Question How do infant feeding practices influence gut microbiota and risk of overweight?
Findings Among 1087 infants from the Canadian Healthy Infant Longitudinal Development (CHILD) cohort, earlier cessation of breastfeeding and supplementation with formula (more so than complementary foods) were associated with a dose-dependent increase in risk of overweight by age 12 months; this association was partially explained by specific gut microbiota features at 3 to 4 months. Subtle but significant microbiota differences were observed after brief exposure to formula limited to the birth hospital stay, but these differences were not associated with overweight.
Meaning Breastfeeding may contribute to protection against overweight by modifying the gut microbiota, particularly during early infancy.
The aim of this study was to assess the effectiveness of a school and family based healthy lifestyle programme (WAVES intervention) compared with usual practice, in preventing childhood obesity. The primary analyses suggest that this experiential focused intervention had no statistically significant effect on BMI z score or on preventing childhood obesity. Schools are unlikely to impact on the childhood obesity epidemic by incorporating such interventions without wider support across multiple sectors and environments. Included in a response to these findings from the Royal College of Paediatrics and Child Health (RCPCH), the Officer for Health Promotion said, ‘This study is disappointing but it only suggests this particular school-based intervention didn’t have the positive results we’d have hoped for. That doesn’t mean we should stop developing interventions in schools, nor does it mean that all schools interventions won’t be successful. Schools are a key place of action on childhood obesity. But it does confirm what we already know – that programmes in schools will not on their own combat childhood obesity.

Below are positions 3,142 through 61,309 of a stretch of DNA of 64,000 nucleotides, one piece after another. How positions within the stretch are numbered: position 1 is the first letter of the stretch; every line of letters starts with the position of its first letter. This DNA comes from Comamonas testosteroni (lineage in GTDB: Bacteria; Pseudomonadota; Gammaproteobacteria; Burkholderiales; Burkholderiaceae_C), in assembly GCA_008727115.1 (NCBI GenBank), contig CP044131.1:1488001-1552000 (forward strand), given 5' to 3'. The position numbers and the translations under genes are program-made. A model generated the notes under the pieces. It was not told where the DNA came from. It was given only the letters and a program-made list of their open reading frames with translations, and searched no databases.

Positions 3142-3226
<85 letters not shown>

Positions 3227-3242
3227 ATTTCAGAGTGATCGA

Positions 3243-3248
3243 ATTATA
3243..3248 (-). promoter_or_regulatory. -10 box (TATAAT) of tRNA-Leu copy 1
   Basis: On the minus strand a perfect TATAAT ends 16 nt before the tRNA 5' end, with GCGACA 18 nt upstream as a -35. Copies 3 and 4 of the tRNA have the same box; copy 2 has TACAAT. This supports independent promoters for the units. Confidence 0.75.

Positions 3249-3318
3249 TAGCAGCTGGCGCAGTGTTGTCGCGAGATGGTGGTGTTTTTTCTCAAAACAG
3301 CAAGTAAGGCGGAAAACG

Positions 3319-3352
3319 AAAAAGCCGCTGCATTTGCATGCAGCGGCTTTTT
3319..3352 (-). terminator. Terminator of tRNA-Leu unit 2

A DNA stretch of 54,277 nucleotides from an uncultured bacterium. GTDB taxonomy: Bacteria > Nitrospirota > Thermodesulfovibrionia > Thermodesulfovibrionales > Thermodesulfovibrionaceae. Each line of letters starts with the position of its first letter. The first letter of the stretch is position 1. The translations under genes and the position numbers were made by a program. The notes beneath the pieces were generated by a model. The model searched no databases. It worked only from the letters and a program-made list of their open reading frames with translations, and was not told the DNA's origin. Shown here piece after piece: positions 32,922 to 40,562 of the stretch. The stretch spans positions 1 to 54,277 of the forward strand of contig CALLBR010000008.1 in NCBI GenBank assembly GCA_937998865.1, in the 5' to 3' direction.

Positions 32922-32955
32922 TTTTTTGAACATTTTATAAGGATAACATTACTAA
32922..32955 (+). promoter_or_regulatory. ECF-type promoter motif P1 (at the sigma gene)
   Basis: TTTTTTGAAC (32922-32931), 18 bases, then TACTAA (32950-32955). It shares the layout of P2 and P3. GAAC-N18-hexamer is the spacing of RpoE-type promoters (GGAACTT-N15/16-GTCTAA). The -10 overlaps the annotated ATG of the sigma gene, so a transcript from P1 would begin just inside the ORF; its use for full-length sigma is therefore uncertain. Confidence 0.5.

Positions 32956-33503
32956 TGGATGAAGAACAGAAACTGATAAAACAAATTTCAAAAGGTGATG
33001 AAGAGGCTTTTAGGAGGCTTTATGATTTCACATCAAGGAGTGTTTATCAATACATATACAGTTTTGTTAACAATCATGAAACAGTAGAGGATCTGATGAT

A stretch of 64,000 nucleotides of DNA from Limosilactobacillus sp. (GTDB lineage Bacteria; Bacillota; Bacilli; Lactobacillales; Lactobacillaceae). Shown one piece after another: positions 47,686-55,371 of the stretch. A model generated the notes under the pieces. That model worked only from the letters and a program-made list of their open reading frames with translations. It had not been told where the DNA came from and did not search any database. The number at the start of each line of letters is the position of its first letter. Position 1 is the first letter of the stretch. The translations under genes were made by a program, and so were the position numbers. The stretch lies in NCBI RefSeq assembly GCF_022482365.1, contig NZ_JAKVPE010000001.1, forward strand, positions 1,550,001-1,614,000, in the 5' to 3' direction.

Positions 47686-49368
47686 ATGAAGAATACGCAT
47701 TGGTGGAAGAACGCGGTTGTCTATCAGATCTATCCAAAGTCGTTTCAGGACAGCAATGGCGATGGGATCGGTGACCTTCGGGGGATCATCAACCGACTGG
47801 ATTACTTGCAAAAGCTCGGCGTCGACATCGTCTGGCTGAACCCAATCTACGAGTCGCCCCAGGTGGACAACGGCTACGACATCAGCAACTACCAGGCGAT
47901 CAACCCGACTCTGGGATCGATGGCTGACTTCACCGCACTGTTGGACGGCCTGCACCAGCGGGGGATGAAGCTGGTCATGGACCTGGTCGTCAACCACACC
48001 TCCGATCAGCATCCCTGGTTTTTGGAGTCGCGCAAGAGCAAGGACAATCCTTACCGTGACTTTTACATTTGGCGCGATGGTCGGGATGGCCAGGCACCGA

Obese children and adolescents can lose up to seven pounds over six to 12 months when they engage in at least 52 hours of behaviour-based lifestyle interventions. Minimal benefit was seen with shorter contact time, with less than 25 hours ineffective. The control group gained weight.
Rising obesity in the young is a global concern, which may lead to high rates of obesity-related diseases in adulthood. This review identified trials covering various weight management strategies. Lifestyle-based-interventions with sufficient contact time – as recommended by UK guidelines – showed clear benefits with no evidence of harms.
Investing in effective strategies to manage child obesity will ultimately save healthcare costs. Behaviour-based support should now be assessed for long-term weight loss and maintenance.
The evidence is still lacking whether universal child screening for obesity should be performed in the UK.
This systematic review is part of a series of associated Cochrane reviews on interventions for obese children and adolescents and has shown that pharmacological interventions (metformin, sibutramine, orlistat and fluoxetine) may have small effects in reduction in BMI and bodyweight in obese children and adolescents. However, many of these drugs are not licensed for the treatment of obesity in children and adolescents, or have been withdrawn.